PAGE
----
The trouble with talking books - a heart felt description

On a daily basis I listen to  many people describe how precious their eyesight is. As an optometrist I am interested in establishing a picture of what is important for the person sitting in my consulting room. Reading is a very common pastime. A keen reader myself I can relate to the simple pleasure found in books. Lynley Hood's account of the problems with talking books, and her grief over the loss of reading will resonate with anyone with a love of reading.

Here is her description of what happened;

"On 20 December 2009 I was reading in bed when my left eye went blurry. "Time to put the light out," I thought.  Next morning it was still blurry. I had lost the central vision in my left eye, suddenly and permanently. Then the vision in my right eye began to deteriorate. 

"The cause turned out to be a rare retinal disorder that goes by the acronym azoor (acute zonal occult outer retinopathy). There is no known effective treatment for azoor. The prognosis is uncertain. 

In the weeks following that first episode, I considered my priorities and made a bucket list ("things to do while I can still see to do them"), but in those anxious early days a single desperate thought possessed me: "Gotta read all those books on my bedside table while I still can!" "

Lynley Hood

Lynley Hood

Award-winning author Lynley Hood is a Dunedin-based scientist, independent scholar and writer. Following her vision loss she has become an advocate and voice for New Zealanders with Visual Impairment. She writes clearly about the shortfall in services for people like herself - read Absence of Vision. Lynley is one of the founding trustees of Vision Impairment Charitable Trust Aoteoroa (VICTA). VICTA describes itself as an energetic new trust working for New Zealanders with uncorrectable vision loss.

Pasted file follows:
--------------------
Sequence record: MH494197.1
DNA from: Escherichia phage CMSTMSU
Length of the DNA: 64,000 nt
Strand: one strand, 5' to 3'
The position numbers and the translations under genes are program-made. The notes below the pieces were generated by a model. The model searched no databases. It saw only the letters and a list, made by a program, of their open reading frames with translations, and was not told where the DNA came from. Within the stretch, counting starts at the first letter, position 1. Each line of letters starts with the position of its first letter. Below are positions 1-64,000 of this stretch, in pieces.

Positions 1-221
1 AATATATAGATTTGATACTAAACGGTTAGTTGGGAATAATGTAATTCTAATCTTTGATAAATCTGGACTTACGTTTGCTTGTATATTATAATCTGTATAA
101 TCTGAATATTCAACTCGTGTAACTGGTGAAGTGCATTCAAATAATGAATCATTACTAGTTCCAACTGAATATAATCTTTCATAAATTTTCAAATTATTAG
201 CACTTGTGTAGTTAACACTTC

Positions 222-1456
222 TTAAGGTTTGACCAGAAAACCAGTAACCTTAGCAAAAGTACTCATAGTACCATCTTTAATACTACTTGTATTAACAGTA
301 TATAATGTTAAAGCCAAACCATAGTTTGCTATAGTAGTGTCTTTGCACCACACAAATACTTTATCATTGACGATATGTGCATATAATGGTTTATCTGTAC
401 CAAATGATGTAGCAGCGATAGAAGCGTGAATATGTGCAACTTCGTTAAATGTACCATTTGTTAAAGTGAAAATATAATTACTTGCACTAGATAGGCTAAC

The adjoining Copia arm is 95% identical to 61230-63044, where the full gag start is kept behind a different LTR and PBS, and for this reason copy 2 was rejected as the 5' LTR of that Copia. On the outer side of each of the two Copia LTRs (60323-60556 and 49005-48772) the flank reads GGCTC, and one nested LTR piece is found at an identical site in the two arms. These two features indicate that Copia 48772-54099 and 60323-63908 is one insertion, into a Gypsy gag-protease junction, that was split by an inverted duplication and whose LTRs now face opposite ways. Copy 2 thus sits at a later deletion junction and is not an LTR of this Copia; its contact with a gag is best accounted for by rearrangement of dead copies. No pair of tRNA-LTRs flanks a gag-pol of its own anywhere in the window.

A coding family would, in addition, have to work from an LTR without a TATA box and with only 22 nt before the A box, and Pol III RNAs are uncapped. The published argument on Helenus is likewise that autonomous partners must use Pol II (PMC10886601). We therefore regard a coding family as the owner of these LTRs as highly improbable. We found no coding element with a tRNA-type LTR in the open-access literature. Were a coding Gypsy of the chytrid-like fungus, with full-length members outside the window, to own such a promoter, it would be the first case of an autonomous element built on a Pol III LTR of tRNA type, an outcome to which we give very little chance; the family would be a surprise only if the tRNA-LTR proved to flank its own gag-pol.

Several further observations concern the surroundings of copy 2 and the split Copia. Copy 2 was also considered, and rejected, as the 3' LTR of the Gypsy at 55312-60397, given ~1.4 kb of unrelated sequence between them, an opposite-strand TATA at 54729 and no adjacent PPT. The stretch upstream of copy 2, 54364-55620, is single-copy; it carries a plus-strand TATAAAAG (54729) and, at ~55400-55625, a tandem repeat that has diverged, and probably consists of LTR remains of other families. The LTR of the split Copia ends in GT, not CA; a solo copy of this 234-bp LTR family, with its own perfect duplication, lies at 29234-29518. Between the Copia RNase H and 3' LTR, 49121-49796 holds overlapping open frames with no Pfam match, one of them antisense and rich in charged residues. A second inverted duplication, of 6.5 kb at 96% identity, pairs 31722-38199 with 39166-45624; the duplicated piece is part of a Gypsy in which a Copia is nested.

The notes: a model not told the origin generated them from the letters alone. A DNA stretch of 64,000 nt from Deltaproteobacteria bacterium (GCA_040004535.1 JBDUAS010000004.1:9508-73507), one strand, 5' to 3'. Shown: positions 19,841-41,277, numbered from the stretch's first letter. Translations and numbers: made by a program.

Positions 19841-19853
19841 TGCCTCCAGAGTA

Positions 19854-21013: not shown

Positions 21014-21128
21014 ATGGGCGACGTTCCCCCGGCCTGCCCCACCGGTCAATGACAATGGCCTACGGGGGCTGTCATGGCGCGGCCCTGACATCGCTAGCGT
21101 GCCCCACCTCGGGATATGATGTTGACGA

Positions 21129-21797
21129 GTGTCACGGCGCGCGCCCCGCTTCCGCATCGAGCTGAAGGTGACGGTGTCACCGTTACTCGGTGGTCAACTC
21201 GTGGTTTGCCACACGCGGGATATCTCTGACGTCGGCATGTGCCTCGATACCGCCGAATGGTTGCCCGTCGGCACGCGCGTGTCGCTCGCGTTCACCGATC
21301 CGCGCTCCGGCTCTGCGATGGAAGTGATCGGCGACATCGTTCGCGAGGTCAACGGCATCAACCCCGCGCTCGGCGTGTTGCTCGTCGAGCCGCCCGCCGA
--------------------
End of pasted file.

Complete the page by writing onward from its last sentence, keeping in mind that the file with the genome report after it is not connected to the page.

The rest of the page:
Lynley's writing about living with vision loss has included an eloquent description of all her bugbears about talking books. She describes the suggestion that audio books are a substitute for reading print books as an empty platitude.

As both a keen reader and listener to audio books I am taken by her description of all the things she misses now she is no longer able to read print. She describes her grief and her longing to read books. It is sad to hear her describe her loss - I found her description of what she misses in print so eloquent.  She describes the experience of reading books in a way which will connect with all book lovers.

All Lynley's writing gives those of us with good sight a keen awareness of the loss associated with vision impairment. If you are having a tough day read her piece on Becoming Illiterate. It will give you pause for thought and a reason to be grateful.